The question of whether or not an athlete can honestly promote a brand as useful also comes into play. O’Keefe partners with Bosu because she uses the products herself, and says she only wants to work with a brand if she could organically post about them.

Similarly, Hambrick said, “I really like promoting products and brands that I’m actually interested in. I actually use this in my daily life already, so why not promote it.”

The school isn’t losing a damn thing
“Our universities make so much money off of us, and I know we get scholarships, but they make way more than that through our sports,” O’Keefe said. All of the athletes I spoke to agreed: they do the work, and they deserve to take advantage of NIL opportunities. And while this may not apply to larger sports like football and basketball, for women’s gymnastics, there’s no indication that partnerships with small brands will affect the school’s bottom line at all.

And even if it did? “Nobody should be telling us what we can and can’t do,” Flatley said.

Gymnastics news

  • The Arthur Gander Memorial happened and the Swiss Cup is underway this weekend. Both have weird competition formats, but Spencer at the Balance Beam Situation did a great job of explaining. At the Arthur Gander, Angelina Melnikova, who was inexplicably there, won with a 43.200 three-event score, followed by Tais Boura (38.500) and Ciena Alipio (38.450), who came in third with a fall on bars.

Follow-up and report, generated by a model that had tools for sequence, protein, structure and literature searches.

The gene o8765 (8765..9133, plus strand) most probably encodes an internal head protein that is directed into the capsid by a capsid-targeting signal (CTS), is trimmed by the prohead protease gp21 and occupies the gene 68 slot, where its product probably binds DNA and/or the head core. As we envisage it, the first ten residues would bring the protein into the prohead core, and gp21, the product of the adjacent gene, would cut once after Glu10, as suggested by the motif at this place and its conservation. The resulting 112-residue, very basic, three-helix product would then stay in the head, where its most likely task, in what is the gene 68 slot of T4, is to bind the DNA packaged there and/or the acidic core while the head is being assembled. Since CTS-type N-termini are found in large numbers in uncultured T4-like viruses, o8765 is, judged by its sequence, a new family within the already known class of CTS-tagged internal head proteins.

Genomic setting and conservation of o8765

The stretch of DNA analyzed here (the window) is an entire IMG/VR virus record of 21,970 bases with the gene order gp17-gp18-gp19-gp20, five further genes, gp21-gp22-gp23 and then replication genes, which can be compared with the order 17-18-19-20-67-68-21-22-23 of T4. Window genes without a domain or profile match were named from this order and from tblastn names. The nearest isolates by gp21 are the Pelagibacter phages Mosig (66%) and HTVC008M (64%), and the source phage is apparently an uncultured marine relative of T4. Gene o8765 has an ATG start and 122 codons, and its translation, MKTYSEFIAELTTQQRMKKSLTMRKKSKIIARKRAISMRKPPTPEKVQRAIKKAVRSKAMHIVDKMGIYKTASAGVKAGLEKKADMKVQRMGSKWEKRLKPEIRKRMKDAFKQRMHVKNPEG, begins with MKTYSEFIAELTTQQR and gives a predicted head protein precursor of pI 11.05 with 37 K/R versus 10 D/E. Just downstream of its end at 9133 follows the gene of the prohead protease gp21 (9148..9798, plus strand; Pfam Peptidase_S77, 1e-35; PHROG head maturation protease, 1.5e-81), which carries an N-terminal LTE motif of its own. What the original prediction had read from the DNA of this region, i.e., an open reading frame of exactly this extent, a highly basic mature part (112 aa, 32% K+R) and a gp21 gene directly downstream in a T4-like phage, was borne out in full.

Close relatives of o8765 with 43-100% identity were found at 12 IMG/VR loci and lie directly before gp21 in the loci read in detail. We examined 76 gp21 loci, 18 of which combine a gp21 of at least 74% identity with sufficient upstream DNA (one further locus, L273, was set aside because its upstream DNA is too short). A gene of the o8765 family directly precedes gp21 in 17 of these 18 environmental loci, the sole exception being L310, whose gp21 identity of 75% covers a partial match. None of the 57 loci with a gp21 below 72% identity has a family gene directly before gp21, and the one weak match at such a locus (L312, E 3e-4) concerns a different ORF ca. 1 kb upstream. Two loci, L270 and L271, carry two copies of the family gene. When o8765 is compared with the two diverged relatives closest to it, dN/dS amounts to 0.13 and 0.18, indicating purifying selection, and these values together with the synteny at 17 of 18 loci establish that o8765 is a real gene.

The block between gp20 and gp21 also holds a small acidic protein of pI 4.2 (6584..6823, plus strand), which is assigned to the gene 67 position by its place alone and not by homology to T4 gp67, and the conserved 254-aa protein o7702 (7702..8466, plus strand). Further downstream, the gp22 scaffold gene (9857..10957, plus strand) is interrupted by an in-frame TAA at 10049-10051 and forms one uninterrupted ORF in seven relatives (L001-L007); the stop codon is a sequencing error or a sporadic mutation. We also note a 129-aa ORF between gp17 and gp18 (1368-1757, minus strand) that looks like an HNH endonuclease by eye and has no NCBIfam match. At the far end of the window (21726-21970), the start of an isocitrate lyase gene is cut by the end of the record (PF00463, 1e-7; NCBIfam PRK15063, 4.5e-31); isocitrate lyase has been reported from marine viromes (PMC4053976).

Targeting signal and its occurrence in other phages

• The Voronin Cup, meanwhile, has been cancelled. It was originally scheduled to happen later this month in Moscow.
  • USA Gymnastics CEO Li Li Leung fired an external security firm after it reported coaches to SafeSport for touching athletes’ butts, according to Scott Reid at Orange County Register. I recommend going through this piece with a fine-toothed comb, as there are plenty of infuriating tidbits that call Leung’s leadership into question.
  • The FIG Congress is underway (Inside the Games). Morinari Watanabe will be up for re-election after finishing up his first four-year term. According to Pamchenkova, this is the first time a president has been challenged after serving just one term.
  • Sunisa Lee was on Twitter this week, sharing a throwback to the time she trained a fabrichnova and revealing that she was injured at the Olympics with a fractured shin. But what got the most attention was her rushing off the stage to throw up after her latest performance on Dancing with the Stars. This Parade article presents a problematic situation at best, with the people around Suni pressuring her to dance despite her having a stomach virus, though she eventually decided to do it.
  • Jordan Chiles revealed in interviews that she was verbally abused and body shamed by a previous coach (WOGymnastika), something that sadly isn’t even front page news in this sport.
  • Melnikova’s interviews are always worth a read (Gymnovosti).
  • Brooklyn Moors is training a front handspring front 1.5 dismount:
  • There’s a new technology thing where you can have Simone Biles do flips in your home. I don’t really get it but it’s a thing:

Tweet of the week

Polina FTW

Five at the IX: Megan Thompson

Photo: Sun Devil Athletics

Arizona State senior Megan Thompson spoke to me about her hopes for the season, NIL, and more. Edited for clarity and length. 

How is training going?